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  • The Year Of Dance

    It is the "Year of Dance" for the Olympic Movement, with almost everyone moving to his or her tune in the Olympic Day Dance today, and with 24 young DanceSport athletes poised to go and do battle in the Youth Olympic Games.

    23/06/2018 read more ...
  • In The News

    The outcome of Sunday's General Meeting in Lausanne has made headlines ever since. National Member Bodies comment on the many decisions taken by the delegates, specialist sports media focus on the reshuffle at the top ...

    21/06/2018 read more ...
  • Change At The Top

    After serving two years, WDSF President Lukas Hinder resigns to bring the constituent parties closer together in how they interpret dance as sport. After a tranisitionary period, First Vice-President Shawn Tay will succeed him.

    18/06/2018 read more ...
  • On The Olympic Channel

    IOC President Thomas Bach made reference to the Memorandum of Understanding signed between WDSF and the Olympic Channel just hours prior to "We dance TOGETHER," the DanceSport documentary, premiering there.

    17/06/2018 read more ...
  • At The End of Day One

    A gala dinner brought the first day of the 2018 General Meeting in Lausanne to a conclusion. In a short speech and pre-dinner toast, WDSF President Lukas Hinder took a brief look at a day he considered to be truly remarkable.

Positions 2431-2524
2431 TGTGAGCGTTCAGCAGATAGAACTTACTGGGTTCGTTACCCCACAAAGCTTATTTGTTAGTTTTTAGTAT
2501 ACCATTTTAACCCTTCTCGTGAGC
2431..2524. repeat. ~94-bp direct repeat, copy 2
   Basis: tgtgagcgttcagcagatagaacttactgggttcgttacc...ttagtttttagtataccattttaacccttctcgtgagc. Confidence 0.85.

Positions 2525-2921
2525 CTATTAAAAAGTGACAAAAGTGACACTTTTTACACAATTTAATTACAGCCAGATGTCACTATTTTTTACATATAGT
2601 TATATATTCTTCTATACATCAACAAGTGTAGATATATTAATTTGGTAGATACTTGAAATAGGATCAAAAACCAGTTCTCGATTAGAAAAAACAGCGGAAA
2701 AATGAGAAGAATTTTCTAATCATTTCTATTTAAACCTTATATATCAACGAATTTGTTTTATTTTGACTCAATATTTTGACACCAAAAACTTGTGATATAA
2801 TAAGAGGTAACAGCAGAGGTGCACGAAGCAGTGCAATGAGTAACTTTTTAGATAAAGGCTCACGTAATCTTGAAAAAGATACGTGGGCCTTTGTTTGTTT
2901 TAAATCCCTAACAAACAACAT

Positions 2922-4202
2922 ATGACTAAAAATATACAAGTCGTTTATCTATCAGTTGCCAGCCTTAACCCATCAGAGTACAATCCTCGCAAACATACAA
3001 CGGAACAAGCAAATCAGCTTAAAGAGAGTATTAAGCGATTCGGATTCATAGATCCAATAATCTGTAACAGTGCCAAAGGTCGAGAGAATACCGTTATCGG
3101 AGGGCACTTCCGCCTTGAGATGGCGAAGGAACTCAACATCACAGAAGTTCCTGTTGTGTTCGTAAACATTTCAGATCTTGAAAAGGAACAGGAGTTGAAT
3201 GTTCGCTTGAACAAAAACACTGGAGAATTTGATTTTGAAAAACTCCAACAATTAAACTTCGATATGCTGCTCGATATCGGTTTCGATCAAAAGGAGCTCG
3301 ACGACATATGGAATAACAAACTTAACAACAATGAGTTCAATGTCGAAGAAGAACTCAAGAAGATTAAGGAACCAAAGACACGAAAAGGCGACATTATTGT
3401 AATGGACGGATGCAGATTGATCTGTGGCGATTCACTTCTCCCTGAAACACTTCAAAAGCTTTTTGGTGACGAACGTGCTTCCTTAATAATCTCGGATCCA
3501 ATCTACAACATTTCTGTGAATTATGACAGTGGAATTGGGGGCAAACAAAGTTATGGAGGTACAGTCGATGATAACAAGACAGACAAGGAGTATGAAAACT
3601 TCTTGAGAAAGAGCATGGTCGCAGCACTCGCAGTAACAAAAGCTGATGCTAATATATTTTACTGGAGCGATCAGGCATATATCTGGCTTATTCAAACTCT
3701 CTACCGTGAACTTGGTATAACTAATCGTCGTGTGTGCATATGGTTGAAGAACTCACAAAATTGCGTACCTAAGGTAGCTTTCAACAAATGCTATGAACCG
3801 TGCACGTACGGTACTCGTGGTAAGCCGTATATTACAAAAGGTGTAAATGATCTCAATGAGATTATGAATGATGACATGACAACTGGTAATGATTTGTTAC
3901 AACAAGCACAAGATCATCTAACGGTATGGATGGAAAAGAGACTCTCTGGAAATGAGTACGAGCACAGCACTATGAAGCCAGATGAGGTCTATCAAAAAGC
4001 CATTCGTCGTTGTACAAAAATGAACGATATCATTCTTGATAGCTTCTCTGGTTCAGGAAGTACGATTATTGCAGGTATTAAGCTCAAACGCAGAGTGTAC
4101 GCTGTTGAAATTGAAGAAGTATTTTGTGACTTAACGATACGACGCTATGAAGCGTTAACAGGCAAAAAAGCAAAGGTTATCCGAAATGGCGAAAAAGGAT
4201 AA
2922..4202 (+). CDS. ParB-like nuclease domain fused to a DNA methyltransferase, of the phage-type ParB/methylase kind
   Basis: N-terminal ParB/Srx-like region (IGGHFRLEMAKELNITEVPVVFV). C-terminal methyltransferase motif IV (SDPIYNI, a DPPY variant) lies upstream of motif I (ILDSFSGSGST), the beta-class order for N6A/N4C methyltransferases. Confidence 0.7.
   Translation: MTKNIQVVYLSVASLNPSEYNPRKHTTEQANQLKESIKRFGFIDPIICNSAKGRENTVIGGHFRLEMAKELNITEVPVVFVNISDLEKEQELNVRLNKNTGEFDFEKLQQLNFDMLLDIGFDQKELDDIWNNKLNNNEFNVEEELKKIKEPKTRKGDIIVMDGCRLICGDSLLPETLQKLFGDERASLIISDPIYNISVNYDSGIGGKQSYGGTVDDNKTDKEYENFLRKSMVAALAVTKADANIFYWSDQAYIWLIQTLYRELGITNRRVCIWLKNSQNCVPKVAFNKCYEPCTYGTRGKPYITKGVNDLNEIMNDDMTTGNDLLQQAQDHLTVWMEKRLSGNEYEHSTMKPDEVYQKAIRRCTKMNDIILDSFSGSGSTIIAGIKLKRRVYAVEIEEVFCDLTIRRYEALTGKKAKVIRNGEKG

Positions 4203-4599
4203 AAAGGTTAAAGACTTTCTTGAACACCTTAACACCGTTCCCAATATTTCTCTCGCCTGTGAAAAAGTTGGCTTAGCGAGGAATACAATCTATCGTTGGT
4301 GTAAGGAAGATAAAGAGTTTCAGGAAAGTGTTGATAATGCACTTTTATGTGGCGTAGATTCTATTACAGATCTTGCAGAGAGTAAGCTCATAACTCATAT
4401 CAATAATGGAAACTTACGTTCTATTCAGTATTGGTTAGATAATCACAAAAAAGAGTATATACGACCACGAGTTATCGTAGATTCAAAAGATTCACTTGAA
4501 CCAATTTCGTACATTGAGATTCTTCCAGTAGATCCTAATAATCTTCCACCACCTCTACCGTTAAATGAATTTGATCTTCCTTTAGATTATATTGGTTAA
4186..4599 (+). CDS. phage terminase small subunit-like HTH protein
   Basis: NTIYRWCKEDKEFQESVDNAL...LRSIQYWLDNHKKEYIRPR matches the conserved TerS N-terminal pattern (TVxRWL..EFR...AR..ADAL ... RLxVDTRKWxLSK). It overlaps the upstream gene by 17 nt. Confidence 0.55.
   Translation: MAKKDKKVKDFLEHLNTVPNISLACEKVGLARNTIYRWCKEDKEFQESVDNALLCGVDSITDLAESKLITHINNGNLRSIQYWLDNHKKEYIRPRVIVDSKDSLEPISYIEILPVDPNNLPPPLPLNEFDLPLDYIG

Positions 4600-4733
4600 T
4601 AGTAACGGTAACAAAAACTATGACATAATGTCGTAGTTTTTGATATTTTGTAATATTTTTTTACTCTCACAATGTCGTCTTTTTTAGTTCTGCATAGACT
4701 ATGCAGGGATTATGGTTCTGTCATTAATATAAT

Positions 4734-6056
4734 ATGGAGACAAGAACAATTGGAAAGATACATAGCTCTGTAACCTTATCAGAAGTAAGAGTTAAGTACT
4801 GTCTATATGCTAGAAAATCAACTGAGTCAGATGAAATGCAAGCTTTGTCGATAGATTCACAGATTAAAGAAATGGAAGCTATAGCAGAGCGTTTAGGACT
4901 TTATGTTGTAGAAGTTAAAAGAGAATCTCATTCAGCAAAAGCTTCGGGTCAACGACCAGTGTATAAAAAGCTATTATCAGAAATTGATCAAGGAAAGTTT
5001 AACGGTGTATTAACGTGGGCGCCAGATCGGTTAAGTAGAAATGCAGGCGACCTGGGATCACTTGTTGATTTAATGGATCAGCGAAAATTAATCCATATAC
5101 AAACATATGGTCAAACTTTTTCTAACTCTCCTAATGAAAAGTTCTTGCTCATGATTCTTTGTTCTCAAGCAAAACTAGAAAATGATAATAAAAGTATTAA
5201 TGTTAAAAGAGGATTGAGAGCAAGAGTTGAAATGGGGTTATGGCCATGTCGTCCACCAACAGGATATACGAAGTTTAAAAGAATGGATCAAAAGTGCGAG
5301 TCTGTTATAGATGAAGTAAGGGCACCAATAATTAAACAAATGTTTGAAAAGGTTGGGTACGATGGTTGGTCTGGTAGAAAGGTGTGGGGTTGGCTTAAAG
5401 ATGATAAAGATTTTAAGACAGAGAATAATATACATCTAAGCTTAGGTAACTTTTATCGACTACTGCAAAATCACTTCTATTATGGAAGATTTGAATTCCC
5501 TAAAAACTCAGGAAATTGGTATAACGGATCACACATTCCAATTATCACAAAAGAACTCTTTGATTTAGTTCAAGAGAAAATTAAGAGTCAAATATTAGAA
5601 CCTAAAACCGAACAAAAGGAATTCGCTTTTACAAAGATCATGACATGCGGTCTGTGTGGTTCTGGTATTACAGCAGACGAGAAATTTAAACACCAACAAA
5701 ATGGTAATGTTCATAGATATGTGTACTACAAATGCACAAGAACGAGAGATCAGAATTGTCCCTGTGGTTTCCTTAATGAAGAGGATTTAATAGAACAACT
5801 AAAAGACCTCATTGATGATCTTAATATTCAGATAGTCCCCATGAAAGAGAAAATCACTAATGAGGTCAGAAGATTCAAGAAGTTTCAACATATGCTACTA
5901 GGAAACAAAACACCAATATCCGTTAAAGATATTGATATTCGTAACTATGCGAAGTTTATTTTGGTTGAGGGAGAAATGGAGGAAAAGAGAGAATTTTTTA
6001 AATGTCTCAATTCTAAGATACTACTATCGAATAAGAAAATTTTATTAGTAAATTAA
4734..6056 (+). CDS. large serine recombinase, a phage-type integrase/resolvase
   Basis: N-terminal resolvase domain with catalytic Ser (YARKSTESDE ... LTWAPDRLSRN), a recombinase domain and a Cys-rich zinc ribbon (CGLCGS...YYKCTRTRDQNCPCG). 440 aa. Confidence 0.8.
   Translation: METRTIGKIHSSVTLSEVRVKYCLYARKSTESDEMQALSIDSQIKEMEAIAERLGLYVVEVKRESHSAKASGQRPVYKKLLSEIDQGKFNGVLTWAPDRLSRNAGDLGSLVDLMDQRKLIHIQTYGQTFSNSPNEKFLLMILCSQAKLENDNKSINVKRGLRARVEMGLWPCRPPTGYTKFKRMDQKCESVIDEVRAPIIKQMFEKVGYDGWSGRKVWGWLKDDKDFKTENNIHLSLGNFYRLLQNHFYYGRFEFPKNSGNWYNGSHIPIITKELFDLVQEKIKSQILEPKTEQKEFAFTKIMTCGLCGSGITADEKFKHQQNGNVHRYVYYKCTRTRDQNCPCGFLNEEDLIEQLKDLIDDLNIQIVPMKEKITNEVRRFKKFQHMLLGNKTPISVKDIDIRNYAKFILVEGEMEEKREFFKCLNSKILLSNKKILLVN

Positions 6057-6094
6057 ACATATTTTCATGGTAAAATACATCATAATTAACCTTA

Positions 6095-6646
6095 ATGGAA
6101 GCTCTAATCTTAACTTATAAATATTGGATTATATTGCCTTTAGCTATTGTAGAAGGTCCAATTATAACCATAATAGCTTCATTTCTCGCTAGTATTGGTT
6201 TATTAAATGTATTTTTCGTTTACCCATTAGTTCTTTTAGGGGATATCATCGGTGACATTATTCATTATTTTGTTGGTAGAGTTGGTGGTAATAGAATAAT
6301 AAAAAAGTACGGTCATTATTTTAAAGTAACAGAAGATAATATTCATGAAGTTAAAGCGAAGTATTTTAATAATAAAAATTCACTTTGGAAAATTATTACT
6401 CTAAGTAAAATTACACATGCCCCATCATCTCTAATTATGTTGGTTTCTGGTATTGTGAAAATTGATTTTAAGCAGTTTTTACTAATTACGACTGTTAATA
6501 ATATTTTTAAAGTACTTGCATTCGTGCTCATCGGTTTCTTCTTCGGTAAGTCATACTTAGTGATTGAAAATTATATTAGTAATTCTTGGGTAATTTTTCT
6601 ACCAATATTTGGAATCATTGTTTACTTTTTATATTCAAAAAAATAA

17/06/2018 read more ...
  • The President's Hour

    The nearly 200 delegates and observers to the 2018 General Meeting who had gathered at the auditorium of the Lausanne Olympic Museum were able to listen to a highly inspirational speech by the IOC President Dr Thomas Bach.

    16/06/2018 read more ...
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Dancing, A Man's Game 15/01/2014

Dancing, A Man's Game Gene Kelly was still at the top of his game when he produced the documentary Dancing, A Man’s Game in 1958 for NBCBut more than being a master of his form, he aspired to be an advocate for its place in society with his first television production.

Kelly assembled a group of America's greatest sportsmen of that time – Mickey Mantle, Sugar Ray Robinson, Johnny Unitas, e.a. – and re-interpreted their moves choreographically, as part of his lifelong quest to remove the effeminate stereotype of dance. 

He attempted to persuade the ‘50s-era viewer that the lines of continuity between dance and sport were many. And that "aesthetic" and "athletic" were certainly not polar opposites. “Many men make the mistake of confusing beauty of movement with the feminacy of movement." Kelly states in the documentary. "I believe that’s the prime reason for making the American man afraid of the words grace and beauty, and that’s nonsense.” 

Rd70iqK_bsU|Gene Kelly dancing on Omnibus, 1958

Get the Dancing, A Man’s Game DVD here!